Index- plants in this Family
Solanaceae / Nightshade
Carolina Horsenettle (Solanum carolinense)
Carolina Horsenettle is also known as Bullnettle.

Plant Type: This is a herbaceous plant, it is a perennial which can reach 80cm in height (31inches). The stem is covered with spines.
Leaves: The leaves are alternate. Each leaf is irregularly lobed or coarsely toothed.
Flowers: The flowers have 5 Regular Parts. They are white sometimes light purple. Blooms first appear in mid spring and continue into early fall.
Fruit: A toxic berry. Green at first turning yellow very like a small tomato.
Habitat: Fields, fencerows and gardens.
Range: Most of eastern North America except extreme north.

      Color Photo     More Info      Classification

Ads on this page help pay for this site but if you see one that seems inappropriate here such as one that is counter to the pro environmental theme please let me know which Ad and I will block it.
Report a Bad Ad

This close relative of so many of our garden vegetables is reported to be responsible for the deaths of children who have eaten the berries. As with most members of the Nightshade family, even the ones with eatable fruits or tubers such as the tomato and potato, the foliage is toxic in sufficient doses. Though considered a 'weed' it has an attractive and interesting flower. A deep root makes it difficult to remove from gardens. There are many close relatives to this species in our area and many more in the tropics.

Lore: Cherokee used it as an insecticide to kill flies by putting crushed leaves in sweet milk.

Medical Uses: Despite it's toxicity this and other closely related Nightshades have been use medicinally. According to Foster & Duke the berries have been use to treat epilepsy and pain as a diuretic, antispasmodic, and aphrodisiac. The leaves have been used as an analgesic, poulticed on injuries or dermatitis or gargled for sore throats. The Cherokees used berries fried in grease as an ointment for mange in dogs and tied roots around baby's neck for teething, perhaps soothing the pain.Warning: All parts of this species are toxic and should not be taken internally without expert guidance. It contains poisonous aldaloids including solanine.

© Daniel Reed   E-mail      Image use policy

Ads on this page help pay for this site but if you see one that seems inappropriate here such as one that is counter to the pro environmental theme please let me know which Ad and I will block it. Report a Bad Ad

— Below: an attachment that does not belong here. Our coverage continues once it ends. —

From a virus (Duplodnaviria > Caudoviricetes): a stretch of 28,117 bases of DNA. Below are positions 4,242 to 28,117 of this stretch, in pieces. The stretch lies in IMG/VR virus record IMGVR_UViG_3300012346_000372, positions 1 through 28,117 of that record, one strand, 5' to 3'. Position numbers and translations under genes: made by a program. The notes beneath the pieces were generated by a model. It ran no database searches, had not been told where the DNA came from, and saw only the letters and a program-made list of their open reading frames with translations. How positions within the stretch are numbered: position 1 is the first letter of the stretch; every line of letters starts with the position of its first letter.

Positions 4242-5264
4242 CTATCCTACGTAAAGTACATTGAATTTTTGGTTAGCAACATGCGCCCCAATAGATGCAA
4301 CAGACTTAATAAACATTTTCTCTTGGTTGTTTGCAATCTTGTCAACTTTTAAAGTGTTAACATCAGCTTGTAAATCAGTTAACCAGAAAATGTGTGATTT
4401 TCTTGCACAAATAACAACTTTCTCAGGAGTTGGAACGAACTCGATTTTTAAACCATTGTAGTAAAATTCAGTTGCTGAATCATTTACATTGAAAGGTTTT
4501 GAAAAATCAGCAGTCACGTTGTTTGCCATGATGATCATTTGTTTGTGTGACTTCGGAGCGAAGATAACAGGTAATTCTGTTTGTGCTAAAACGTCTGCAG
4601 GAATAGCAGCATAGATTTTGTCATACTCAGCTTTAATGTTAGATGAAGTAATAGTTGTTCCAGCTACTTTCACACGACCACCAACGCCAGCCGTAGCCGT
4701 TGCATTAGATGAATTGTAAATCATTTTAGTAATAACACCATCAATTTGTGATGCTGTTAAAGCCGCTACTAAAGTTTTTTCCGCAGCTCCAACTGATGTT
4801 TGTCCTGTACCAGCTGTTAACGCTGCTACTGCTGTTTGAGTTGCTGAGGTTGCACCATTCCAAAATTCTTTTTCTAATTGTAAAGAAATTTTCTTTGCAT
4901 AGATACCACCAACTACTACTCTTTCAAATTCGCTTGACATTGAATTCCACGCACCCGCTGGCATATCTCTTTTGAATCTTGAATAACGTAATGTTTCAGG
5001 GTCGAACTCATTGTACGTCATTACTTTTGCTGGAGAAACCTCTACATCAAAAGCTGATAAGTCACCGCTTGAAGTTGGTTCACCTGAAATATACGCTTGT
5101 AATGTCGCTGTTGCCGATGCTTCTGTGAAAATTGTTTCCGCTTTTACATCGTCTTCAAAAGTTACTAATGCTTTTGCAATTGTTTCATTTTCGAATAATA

More Info:  
The Search below may provide more information about this species. Some of URLs may have been used as a source for this page not otherwise cited. Most of the information not cited comes from multiple sources that can be found in the Books page. The USDA plant links are provided by: USDA, NRCS 1999. The PLANTS database ( National Plant Data Center, Baton Rouge, LA 70874-4490 USA. You can check species names at ITIS Advanced Search to see if they meet the current ITIS taxonomic criteria.

By: Newcomb, Lawrence and Illustrated by Morrison, Gordon. 1977, Little, Brown and Company, ISBN:0-316-60442-9

One of the best general guides to wildflowers of the North Eastern and North Central United States. Newcomb's key is an excellent, simple method for identifying plants. Newcomb has drawings for almost every plant mentioned that are excellent aids to identifying the species. Though only the more common plants are covered this is often the first book I pick up when trying to identify a wildflower.

Wildflo wers of Tennessee the Ohio Valley and the Southern Appalachians
By: Dennis Horn and Tavia Cathcart and Thomas E. Hemmerly and David Duhl. , ISBN:1551054280

This is perhaps the best of many field guides covering this region. Featuring 446 excellent color photographs (located with the text) and mentioning as similar to those illustrated are another 800 or so species for a total coverage of over 1,200 species. The start of each family section includes line drawings of some of the species showing important features. The text includes the usual description, bloom season, range, habitat and additionally includes information such as medical uses and lore and how the species was named. This is the official field guide of the Tennessee Native Plant Society.

Angiosperms / Flowering Plants
Dicots / Two Seed Leaves



Welcome / Glossary / Books / Links / Feedback / Image use policy - Wildflowers of the Southeastern United States, Page updated on 7/29/2001 11:36:56 AM.